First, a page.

Committed as I am to doing GIS on a Mac while living nomadically, I went through a week in July of testing VirtualBox, VMWare Fusion, and Parallels 9. Parallels 9 won the contest. I was able to directly import my existing VirtualBox VMs into Parallels and I have not looked back since.  For me, it’s the video driver. Parallels has the best out of the three. Very important for graphics intensive programs like ArcGIS and Topo.

ArcGIS 10.2 and Delorme Topo 9 work great. I was disappointed by VMWare Fusion, especially since ESRI specifically mentioned it in ArcUser magazine. Don’t bother. Use Parallels.

It was not clear to me at the Parallels site, but you can install it and select “trial” mode, just download and run the installer without paying for anything. The same is true for VMWare Fusion, and you can install them both at the same time, you just can’t run them at the same time.

Parallels 10 came out in September,  I upgraded, and yes, it really is better and faster. Upgrade if you have version 8 or 9 — it’s only $50. It’s worth it.

GIS on a Mac

I am between houses now and I miss my nice file server Dart and my nice desktop Laysan because they are in storage, so I want to work more with GIS on my laptop, a MacBookPro (Stellar).

The best set of instructions I have found for setting up the open source GIS tools I know and love on my Mac is here:   Installing Open Source Geo Software: Mac Edition These instructions are pretty complete and worked well for me on Mavericks.

I found I had to install pillow to satisfy the requirement in tilestache for PIL.

sudo pip install pillow

It took several hours to install Mapnik; skip that step if you don’t plan to use it.

In the past I used stackbuilder to install postgresql and postgis on my Mac. I removed that version and install with brew; what could be easier than

brew install postgresql

brew install postgis

I had to hack around a bit to get postgres set up. I created /usr/local/var/postgres/9.2/main by adding “export PGDATA=/usr/local/var/postgres/9.2/main” to my .bashrc and then running initdb. I had to do the command “createdb” to get my user created so that “psql -h localhost” would let me connect to the server.


Moving back to California

Our house is now (unofficially) for sale. We have not listed it anywhere yet. It’s at 415 SE Alexander Ave in Corvallis, Oregon


Trulia lists it at $309,000.  See their listing for more detailed information.  The house is less than a mile to the city center, yet it’s on a huge .63 acre lot.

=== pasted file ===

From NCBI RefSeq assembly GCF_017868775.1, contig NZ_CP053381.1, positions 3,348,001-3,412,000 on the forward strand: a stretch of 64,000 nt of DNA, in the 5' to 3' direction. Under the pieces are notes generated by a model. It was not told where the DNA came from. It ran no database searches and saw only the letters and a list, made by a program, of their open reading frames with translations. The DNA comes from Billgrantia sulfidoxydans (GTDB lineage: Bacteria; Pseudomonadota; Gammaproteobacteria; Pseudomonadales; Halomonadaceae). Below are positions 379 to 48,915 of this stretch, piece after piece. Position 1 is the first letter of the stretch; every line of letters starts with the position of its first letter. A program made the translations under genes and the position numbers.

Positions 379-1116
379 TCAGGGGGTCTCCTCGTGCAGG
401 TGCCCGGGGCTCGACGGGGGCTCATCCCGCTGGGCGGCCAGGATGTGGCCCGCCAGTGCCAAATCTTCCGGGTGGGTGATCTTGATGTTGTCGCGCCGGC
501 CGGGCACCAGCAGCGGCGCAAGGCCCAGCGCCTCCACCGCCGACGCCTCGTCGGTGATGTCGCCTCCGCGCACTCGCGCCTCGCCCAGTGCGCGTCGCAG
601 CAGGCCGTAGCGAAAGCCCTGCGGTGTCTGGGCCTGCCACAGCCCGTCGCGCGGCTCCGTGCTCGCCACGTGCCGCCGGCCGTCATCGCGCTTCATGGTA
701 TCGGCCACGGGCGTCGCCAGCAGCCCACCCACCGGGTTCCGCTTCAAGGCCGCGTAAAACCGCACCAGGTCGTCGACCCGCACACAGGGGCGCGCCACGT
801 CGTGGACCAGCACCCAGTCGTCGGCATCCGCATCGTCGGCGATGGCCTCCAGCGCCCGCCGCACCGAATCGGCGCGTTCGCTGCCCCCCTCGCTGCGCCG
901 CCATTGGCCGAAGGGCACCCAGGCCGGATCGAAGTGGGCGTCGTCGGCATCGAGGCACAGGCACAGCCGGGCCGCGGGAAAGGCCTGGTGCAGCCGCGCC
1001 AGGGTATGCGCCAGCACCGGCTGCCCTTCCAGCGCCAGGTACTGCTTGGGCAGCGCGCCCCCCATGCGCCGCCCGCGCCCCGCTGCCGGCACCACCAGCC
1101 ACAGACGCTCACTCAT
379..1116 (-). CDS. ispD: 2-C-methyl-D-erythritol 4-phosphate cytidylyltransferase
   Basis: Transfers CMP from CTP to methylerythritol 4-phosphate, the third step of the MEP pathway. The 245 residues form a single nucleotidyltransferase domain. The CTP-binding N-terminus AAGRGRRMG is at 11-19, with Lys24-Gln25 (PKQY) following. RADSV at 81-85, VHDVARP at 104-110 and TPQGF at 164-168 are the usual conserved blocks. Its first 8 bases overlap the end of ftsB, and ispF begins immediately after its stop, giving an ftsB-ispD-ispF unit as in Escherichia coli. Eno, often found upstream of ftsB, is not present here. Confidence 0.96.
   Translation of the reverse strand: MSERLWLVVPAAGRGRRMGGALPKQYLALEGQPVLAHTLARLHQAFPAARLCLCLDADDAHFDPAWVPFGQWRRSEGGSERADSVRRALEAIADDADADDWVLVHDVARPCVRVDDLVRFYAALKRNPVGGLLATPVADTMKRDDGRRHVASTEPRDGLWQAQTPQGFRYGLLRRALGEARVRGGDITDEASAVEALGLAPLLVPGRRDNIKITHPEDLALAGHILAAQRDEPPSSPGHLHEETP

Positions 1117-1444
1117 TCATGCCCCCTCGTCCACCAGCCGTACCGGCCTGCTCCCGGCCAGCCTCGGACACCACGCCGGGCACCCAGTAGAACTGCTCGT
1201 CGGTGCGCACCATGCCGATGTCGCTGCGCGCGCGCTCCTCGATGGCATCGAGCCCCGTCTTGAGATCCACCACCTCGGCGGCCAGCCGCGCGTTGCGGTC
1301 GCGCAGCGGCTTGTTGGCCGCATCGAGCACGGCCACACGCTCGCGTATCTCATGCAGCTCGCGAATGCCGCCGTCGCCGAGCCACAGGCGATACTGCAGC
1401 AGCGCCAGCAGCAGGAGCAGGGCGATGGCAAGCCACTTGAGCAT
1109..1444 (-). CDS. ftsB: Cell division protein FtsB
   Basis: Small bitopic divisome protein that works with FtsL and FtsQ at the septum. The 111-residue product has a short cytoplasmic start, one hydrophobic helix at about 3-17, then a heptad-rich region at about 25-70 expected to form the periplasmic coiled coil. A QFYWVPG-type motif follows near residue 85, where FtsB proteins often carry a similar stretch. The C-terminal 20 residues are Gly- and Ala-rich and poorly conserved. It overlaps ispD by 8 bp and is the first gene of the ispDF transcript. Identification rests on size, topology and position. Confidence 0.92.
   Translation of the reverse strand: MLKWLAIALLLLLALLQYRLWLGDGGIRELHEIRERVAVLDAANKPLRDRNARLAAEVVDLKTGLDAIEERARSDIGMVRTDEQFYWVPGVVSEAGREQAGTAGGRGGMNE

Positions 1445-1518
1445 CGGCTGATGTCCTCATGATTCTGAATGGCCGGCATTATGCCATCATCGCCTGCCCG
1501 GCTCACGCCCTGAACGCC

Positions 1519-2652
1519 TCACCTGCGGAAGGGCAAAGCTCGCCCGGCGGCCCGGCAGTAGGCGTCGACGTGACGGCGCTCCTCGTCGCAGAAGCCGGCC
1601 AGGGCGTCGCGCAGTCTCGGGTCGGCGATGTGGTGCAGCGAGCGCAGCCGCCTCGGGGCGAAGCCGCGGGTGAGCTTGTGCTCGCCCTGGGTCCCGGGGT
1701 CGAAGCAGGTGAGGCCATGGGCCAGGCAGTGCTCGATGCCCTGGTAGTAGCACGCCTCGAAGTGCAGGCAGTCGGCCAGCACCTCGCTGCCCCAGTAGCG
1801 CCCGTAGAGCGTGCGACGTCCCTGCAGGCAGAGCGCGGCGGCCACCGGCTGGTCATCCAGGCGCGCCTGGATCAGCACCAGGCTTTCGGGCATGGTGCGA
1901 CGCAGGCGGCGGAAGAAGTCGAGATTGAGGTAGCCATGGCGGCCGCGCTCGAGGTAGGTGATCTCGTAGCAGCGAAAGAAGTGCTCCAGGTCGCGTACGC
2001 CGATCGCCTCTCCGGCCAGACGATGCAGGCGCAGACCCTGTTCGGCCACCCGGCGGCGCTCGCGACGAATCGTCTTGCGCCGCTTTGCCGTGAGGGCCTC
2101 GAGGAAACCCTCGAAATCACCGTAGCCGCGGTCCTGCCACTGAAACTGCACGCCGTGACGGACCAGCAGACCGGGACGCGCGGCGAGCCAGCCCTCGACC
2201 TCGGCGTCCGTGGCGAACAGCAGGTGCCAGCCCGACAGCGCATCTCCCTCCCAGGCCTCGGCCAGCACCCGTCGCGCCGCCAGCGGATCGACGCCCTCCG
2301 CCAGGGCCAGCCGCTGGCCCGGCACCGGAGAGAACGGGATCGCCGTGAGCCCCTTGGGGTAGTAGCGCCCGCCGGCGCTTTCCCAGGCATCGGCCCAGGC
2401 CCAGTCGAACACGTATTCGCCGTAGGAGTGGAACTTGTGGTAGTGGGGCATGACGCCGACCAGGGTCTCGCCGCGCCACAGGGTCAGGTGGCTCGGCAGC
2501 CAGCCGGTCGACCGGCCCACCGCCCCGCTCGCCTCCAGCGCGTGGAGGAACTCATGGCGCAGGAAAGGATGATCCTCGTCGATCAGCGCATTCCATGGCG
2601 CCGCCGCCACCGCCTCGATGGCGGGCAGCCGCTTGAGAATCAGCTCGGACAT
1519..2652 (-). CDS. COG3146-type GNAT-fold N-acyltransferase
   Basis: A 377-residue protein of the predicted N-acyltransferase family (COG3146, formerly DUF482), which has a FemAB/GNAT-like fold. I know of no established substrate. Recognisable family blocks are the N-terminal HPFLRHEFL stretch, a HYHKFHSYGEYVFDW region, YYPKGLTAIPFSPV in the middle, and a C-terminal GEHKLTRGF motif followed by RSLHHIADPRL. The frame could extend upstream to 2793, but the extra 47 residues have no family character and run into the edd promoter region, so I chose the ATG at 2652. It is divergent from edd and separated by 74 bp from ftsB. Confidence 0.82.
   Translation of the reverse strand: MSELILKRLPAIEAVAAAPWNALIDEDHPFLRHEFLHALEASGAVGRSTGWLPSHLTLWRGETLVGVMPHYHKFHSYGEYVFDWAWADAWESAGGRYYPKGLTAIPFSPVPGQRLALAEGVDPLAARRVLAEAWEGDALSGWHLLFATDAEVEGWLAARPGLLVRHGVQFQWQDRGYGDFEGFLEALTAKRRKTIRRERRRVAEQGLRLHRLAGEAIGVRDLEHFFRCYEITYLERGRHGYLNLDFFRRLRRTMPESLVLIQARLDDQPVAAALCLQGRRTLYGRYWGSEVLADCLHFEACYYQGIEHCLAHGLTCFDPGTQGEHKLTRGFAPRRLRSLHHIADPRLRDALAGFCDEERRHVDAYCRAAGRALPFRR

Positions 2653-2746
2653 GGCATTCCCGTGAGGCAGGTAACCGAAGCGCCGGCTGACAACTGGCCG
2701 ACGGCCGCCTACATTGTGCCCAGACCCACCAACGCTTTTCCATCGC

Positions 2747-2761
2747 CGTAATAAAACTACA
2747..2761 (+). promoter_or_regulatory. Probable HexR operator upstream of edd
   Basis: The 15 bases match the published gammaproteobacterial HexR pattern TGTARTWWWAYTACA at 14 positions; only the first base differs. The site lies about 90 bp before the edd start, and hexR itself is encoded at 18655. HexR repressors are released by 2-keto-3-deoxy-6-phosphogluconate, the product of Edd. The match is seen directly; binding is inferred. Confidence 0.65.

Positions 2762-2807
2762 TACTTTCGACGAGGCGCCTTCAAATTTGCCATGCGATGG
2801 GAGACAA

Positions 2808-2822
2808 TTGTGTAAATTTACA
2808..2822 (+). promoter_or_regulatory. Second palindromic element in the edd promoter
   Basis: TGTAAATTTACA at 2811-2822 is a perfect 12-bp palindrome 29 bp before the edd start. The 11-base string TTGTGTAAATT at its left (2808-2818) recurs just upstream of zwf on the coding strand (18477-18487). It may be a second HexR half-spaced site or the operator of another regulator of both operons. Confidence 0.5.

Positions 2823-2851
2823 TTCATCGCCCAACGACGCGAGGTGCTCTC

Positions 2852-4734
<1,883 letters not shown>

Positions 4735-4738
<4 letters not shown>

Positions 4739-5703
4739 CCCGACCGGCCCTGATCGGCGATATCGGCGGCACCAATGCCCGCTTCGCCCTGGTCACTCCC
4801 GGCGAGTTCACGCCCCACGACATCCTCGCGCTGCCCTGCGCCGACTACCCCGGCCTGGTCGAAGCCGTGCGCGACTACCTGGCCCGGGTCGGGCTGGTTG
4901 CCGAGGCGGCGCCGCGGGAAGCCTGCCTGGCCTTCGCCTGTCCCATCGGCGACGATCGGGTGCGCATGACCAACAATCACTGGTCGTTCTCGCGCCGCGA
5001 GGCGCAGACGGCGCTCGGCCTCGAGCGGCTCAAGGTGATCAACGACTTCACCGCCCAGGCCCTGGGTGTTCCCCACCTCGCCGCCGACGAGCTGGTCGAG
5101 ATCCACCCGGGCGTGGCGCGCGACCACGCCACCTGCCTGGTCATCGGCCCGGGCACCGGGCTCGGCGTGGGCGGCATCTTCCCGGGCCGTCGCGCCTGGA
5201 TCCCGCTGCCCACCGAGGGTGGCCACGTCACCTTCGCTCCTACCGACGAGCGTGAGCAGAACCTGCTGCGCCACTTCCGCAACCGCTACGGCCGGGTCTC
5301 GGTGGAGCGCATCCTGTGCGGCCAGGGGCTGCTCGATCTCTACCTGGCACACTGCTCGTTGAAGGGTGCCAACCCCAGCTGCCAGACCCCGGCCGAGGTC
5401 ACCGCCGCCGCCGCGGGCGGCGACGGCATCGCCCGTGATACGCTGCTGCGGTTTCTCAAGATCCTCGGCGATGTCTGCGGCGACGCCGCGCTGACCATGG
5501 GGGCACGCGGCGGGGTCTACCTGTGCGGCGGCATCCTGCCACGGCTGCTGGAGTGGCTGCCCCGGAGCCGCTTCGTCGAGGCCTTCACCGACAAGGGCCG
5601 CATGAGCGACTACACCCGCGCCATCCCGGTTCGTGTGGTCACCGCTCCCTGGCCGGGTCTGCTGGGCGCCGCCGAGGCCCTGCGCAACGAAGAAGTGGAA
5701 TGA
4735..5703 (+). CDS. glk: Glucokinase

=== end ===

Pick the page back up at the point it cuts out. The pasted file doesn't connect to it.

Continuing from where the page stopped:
Most rooms have original hardwood flooring (refinished a few years ago). The master bedroom has carpet over the hardwood, One bedroom has cork. The kitchen has marmoleum flooring and paperstone and formica counters and custom-made cabinets. It has a solartube skylight to let in extra light as does the bathroom.

Off the kitchen is a room that has a french door opening onto a new 8×12′ composite deck.

The yard is split roughly 50/50 between the front section with landscaping (lots of natives) and the back which is about a 1/4 acre used for veggie garden. The last 30 feet or so at the back is a buffer zone behind the deer fence; there is roughly 5 acres of space back there that is undeveloped.  Yes, that’s right, right here in Corvallis there is 5 acres of open space behind our house!

We have producing cherry trees and plum trees and apple trees. We have blueberries and marion berries. We have a young walnut tree and a young persimmon tree.

When we moved in, it was mostly a big lawn front and back, there is still enough lawn in the back to enjoy but you won’t need to spend all weekend walking behind your lawnmower.

We have a well to provide house and garden with water, but we are connected to the city for sewer service. There is a water softener for the house. The water heater is electric.

We have a 96% efficient gas furnace (about 4 years old now) and new ducts. All windows are double pane or better. We have full insulation including under floor.  The house is warm and snug and energy efficient.

The 2.8 KW photovoltaic solar panels are installed on a steel roof. The panels and roof are 2 years old.

The solar panels still have two years to go on the state tax credit, which means the new owner can get a state tax reduction of $1500 per year for 2014 and 2015.

The solar panels are making about 1200 watts right now. Since installation 2 years ago we have generated over 7 megawatts. Our summer bill is the minimum, $10.26 and in the dark of winter it’s about $50. Basically we make all our own electricity.


We put speakers into the ceiling in two rooms and wired them to the living room, 4 rooms total are wired for speakers.

It has the usual tv cable installed but also has gigabit ethernet wiring installed. There is an infrastructure cabinet in the hall closet to contain a Comcast compatible modem, an ethernet switch, and I keep a WiFi access point in there.

Today we are moving stuff into a PODS shipping container that’s waiting for me in the driveway right now!

Brian Wilson brian @, Julie Skopal  julie @ 541-368-7383